Alex Binkley on Harper gets it, finally

Alex Binkley is a foremost political and economic analyst, whose website is Readers will be aware that his columns in True North Perspective have foreseen political and economic developments in Canada. This week in ... 

The Binkley Report 

Even Harper gets it, finally
Now it's high time he did something about it
By Alex Binkley
True North Perspective

Prime Minister Harper has finally admitted what most folks realized a long time ago—the so-called war on drugs is a complete, total and utter failure. Our downtown areas are awash with the crippled human remains of the drug trade while virtual civil wars rage in Latin America fueled by the demand for drugs in Canada and the United States.

The issue came to a head at the recent Organization of American States Summit in Colombia when the Latin countries pushed Canada and the United States to decriminalize drugs to help put the criminal gangs out of business.

Obama and Harper weren’t cooperating. However, Harper admitted to reporters later that “there is almost universal agreement that we should continue to fight transnational criminal networks. There is increasing doubt about whether we are taking the best approach to that. What I think everybody believes and agrees with—and I’ll be frank myself—is that the current approach is not working. But it is not clear what we should do.”

Now, Prime Minister, if one is uncertain about something in life, one can suppress the matter. However, a much better approach is to seek the advice of others. While Harper generally doesn’t like the idea of opening up a discussion that he can’t control, it’s high time Canadians took a long, hard look at the drug issue. Before the damage and death toll gets any worse.

First, we have to accept that the illegal drug issue is widespread in Canada and is largely beyond the control of governments and police.

Obviously over-consumption of drugs is harmful as is drinking too much alcohol. Obesity is also a serious health threat. And some drugs are especially dangerous because they are adulterated with noxious substances. This is what we should be focused on.

So some form of a network of drug stores, as opposed to pharmacies, regulated by government for safety purposes, would appear to be a useful option. That way the drugs would at least be safe.

You don’t have to spend a lot of time in urban centres in Canada, or probably anywhere, before you smell marijuana in the air and on people’s clothes. And you see the vacant faces, emaciated bodies and scared faces of drug damaged people.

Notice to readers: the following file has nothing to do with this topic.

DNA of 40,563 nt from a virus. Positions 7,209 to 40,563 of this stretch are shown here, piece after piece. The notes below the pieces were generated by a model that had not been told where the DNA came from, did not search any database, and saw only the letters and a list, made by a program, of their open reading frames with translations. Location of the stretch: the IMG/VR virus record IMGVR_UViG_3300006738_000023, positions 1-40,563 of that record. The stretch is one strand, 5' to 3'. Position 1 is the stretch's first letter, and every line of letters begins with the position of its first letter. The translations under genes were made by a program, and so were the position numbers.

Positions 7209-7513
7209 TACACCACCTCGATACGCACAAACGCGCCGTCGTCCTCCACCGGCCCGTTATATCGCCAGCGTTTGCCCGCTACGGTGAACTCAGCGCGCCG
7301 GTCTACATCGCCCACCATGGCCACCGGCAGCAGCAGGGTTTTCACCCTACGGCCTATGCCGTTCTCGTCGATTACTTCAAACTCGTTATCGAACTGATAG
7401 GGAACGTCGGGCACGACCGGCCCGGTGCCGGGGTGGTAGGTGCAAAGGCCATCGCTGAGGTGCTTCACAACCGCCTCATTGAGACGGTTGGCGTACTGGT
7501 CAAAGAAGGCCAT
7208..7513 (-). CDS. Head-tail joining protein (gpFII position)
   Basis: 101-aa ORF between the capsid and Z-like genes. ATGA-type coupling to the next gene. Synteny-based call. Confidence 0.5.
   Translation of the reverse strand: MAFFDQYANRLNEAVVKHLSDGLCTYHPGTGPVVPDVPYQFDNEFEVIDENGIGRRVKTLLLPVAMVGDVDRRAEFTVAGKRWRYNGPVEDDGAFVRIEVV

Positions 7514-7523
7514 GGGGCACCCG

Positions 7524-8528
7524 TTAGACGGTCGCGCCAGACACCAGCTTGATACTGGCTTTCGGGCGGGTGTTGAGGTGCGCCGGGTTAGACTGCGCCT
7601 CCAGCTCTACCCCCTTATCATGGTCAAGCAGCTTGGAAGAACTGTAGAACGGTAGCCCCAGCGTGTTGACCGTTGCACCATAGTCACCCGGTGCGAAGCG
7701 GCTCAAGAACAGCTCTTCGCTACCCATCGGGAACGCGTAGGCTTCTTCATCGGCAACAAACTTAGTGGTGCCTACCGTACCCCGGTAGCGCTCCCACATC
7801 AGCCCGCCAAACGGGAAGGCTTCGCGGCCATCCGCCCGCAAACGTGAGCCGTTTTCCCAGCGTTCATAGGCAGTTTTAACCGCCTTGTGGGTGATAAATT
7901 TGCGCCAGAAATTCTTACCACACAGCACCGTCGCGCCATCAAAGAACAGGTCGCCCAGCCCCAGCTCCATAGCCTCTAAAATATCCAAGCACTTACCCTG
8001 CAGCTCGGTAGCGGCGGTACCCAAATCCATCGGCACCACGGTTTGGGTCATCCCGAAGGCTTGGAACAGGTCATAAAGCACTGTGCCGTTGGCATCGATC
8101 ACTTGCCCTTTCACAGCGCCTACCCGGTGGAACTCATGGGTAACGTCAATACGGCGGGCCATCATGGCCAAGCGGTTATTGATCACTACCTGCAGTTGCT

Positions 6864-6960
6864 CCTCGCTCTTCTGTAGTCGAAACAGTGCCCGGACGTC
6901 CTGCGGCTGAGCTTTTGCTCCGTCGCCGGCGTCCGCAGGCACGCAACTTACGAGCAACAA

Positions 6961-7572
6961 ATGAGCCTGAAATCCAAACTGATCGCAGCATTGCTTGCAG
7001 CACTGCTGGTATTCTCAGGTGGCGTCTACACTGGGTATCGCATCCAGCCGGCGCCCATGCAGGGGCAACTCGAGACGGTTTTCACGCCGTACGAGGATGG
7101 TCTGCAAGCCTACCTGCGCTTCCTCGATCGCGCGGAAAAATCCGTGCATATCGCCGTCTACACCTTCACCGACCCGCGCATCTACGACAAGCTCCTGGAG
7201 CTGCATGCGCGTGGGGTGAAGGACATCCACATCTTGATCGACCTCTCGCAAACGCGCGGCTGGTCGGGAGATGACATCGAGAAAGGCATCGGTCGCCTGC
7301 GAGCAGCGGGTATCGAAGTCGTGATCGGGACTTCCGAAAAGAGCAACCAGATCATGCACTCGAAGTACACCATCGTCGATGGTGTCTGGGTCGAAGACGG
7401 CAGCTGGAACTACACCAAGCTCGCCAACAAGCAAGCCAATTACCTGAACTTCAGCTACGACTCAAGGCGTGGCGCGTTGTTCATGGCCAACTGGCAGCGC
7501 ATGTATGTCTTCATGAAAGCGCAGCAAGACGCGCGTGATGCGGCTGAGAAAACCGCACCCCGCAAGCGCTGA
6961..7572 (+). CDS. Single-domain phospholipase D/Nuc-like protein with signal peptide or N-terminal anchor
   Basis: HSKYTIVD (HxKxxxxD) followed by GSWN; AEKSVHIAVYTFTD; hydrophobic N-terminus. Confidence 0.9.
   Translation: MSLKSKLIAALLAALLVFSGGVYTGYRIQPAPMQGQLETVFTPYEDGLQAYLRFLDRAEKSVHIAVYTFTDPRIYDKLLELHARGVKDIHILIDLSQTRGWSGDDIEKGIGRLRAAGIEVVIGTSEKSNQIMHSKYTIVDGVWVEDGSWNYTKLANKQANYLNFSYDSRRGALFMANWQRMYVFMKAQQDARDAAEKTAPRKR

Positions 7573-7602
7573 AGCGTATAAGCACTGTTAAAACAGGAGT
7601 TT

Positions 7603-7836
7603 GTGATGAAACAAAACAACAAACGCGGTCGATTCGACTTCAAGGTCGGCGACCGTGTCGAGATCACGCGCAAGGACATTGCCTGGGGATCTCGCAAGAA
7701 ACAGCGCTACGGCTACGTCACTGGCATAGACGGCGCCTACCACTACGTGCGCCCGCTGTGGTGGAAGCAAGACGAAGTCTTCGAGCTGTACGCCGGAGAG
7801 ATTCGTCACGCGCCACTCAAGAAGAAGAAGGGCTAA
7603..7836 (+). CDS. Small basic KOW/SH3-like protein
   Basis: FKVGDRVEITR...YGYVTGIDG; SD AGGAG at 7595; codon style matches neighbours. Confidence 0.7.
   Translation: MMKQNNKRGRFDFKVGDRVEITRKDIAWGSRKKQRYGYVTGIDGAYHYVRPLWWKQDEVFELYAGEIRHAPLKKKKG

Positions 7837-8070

In the days after Harper admitted the war on drugs was a failure, the networks and media were full of commentaries on the issue. A lot of good points were made. Spend a little time searching the Internet and you can find tonnes of information. Dan Gardner had a superb column in the Ottawa Citizen April 18 spelling out the background of the so-called war on drugs. See the website for more information. It’s a coalition of high-profile academic, legal, law enforcement and health experts, which is working to reduce crime and public health problems stemming from the prohibition on marijuana. The group includes several former B.C. attorneys general, several former Vancouver mayors, a former B.C. premier and a former RCMP superintendent for the province.

So we need a focus to a national discussion. We have such an institution. It’s called Parliament. We’ve elected mostly bright men and women to represent us there. Set up a special committee of MPs and Senators who are prepared to actually study the issue and let them examine the evidence, hear the witnesses and produce a game plan for the government. They will understand better than most, the political ramifications of such a change.

John McKay is a former U.S. district attorney in the State of Washington who gained some fame for prosecuting B.C. marijuana activist Marc Emery for selling dope in the U.S. Well, McKay has come to the conclusion that laws keeping pot illegal no longer serve any purpose, but do enable gangs and cartels to generate billions in profits. He’s supporting measures to legalize marijuana in his state.

“I want to say this just as clearly and as forthrightly as I can, marijuana prohibition, criminal prohibition of marijuana is a complete failure,” McKay told a news conference. Marijuana, like alcohol, should be produced and sold to adults by the government, generating revenue for governments and more importantly, end the violent reign of gangs and drug cartels, he advocates.

By all means, Prime Minister, continue the fight against transnational gangs which are also responsible for human trafficking, fraud and all sorts of other rank crimes. But take away their main income source by allowing the sale through commercial channels of safe drugs. You’ll be doing Canadians a favour as well as millions of Latin Americans and citizens of other developing countries.